We learn about the job of EOD teams in the field, analyzing diffused and exploded devices, conducting the forensic investigation of the scene for finger print or DNA evidence, and signature physical evidence that might link the device to other devices with a common maker or place of assembly; the intelligence databases into which all this information goes and how those databases are used (or fail to be useful); the massive biometrics project that seeks to create a database of names and unique physical identifiers for the entire domestic population in a troubled area; the way surveillance equipment is used, including predator drones; and the role of military contractors and special forces units in tracking down, capturing, and killing individual “targets.” We are shown in one amazing sequence how a drone in Afghanistan, vital to a complex operation on the ground, is flown by a remote pilot at Nellis Air Force Base in Nevada.

  Air Force pilots flying drones flying over Afghanistan from a remote location.
Many drones operating in Afghanistan were flown from Nellis Air Force base in Nevada.

An MQ-1 Predator drone
Woven throughout this operational narrative are the personal stories of contractors and soldiers engaged in the fight. The strategic and tactical nature of this kind of war comes with a new set of cognitive challenges, psychological damage, and kinds of physical injuries--most notably the many amputations and long physical rehabilitation that result from IED trauma. In the book’s perhaps most chilling moment, we are presented with the evidence that the enemy too is targeting individual soldiers, that this is an individual war on both sides. At the site of an IED that was exploded beneath an American convoy, investigators discover, just off the road, the remote trigger site. There is a drawing on stone, a rough petroglyph that shows a line of the various vehicles typically found in the convoy. The drawing marks as the specific object for destruction the JERRV, the vehicle used to safely transport EOD operators, supplies, and equipment, including remotely controlled robots. It is the vehicle Castner’s friend was riding in when he died.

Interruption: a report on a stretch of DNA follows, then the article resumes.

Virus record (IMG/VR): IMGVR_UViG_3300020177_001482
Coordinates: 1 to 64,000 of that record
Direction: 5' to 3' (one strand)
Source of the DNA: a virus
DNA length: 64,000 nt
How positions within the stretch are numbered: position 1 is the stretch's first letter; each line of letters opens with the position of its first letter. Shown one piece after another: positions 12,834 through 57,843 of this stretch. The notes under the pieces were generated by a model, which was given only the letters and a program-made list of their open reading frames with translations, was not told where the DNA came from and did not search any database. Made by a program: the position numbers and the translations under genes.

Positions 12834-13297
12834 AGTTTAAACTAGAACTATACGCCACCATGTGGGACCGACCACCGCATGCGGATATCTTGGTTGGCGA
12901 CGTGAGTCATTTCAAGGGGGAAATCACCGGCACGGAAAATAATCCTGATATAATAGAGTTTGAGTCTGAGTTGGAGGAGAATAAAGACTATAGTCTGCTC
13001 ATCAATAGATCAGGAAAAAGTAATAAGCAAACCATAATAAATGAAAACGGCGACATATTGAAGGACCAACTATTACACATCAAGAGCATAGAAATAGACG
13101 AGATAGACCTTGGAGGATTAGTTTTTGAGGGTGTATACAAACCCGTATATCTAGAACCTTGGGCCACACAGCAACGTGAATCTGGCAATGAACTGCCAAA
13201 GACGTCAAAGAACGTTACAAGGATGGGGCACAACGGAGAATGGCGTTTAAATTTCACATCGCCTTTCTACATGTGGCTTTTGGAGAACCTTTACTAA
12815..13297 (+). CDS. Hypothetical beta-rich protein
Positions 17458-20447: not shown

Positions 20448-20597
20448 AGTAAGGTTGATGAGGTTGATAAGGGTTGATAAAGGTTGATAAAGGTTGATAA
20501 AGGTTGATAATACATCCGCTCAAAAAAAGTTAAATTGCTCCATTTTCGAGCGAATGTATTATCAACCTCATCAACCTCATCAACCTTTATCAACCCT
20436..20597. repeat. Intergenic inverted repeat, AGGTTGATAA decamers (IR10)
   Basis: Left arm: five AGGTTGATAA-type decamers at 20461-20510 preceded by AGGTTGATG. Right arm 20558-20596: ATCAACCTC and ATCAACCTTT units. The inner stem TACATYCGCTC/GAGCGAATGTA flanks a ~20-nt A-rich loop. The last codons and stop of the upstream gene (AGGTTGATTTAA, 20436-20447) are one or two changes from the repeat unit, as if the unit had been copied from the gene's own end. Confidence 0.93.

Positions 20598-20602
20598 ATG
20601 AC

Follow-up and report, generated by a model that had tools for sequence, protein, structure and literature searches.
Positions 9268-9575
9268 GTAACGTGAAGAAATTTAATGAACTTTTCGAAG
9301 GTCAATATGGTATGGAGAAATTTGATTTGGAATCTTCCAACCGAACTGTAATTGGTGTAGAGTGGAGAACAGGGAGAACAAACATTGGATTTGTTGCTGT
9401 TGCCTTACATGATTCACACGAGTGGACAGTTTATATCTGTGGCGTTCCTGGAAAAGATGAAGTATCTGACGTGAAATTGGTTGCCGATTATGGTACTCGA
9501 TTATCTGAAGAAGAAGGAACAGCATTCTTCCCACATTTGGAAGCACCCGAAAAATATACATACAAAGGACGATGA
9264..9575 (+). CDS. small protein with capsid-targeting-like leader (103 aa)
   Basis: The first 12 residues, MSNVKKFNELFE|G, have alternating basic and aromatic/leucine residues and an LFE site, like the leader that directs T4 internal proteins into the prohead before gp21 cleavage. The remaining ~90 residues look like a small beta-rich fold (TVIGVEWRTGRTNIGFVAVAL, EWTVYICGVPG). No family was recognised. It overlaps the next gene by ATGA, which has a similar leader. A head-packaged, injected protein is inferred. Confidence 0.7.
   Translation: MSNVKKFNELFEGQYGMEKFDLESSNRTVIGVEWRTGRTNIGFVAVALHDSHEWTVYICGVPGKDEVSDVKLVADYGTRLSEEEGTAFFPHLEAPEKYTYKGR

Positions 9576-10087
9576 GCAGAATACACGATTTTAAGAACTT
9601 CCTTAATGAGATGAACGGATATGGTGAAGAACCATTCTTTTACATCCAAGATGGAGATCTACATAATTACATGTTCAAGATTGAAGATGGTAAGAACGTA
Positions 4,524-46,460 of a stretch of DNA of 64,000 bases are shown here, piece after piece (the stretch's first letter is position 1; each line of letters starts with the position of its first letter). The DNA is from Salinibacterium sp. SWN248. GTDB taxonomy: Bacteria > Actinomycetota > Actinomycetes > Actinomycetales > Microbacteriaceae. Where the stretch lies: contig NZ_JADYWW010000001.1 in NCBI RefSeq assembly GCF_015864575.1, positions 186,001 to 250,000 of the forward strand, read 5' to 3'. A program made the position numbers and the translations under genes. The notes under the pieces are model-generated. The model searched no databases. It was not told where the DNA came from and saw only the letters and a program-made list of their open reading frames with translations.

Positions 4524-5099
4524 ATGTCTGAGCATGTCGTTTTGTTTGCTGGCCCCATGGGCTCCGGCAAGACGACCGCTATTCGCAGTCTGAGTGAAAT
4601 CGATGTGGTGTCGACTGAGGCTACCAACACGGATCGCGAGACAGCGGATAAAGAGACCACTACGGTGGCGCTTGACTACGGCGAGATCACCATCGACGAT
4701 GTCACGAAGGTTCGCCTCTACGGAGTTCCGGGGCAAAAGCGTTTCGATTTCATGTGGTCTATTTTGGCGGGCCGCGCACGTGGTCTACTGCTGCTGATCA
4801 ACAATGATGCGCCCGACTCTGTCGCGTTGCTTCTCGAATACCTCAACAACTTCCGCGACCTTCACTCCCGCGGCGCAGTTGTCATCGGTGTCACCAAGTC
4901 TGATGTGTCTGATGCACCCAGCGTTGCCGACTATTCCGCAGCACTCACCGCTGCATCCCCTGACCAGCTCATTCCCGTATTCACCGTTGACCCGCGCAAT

In Afghanistan the Explosive Ordnance Disposal teams traveled in this
heavily armored vehicle, a JERRV (Joint EOD Rapid Response Vehicle.
This vehicle and its EOD team became the particular target of enemy bombers.

The nature of modern war has become a struggle in which we seek to kill a named enemy combatant. Is this something new? Yes, in modern warfare it is. And like the story of those ancient named enemies who sought each other out on the field of battle--Achilles and Hector--there seems something inglorious and troubling about it all, perhaps because it allows no refuge for our distancing and palliative fictions about what wars really are and what we ask of those who fight them.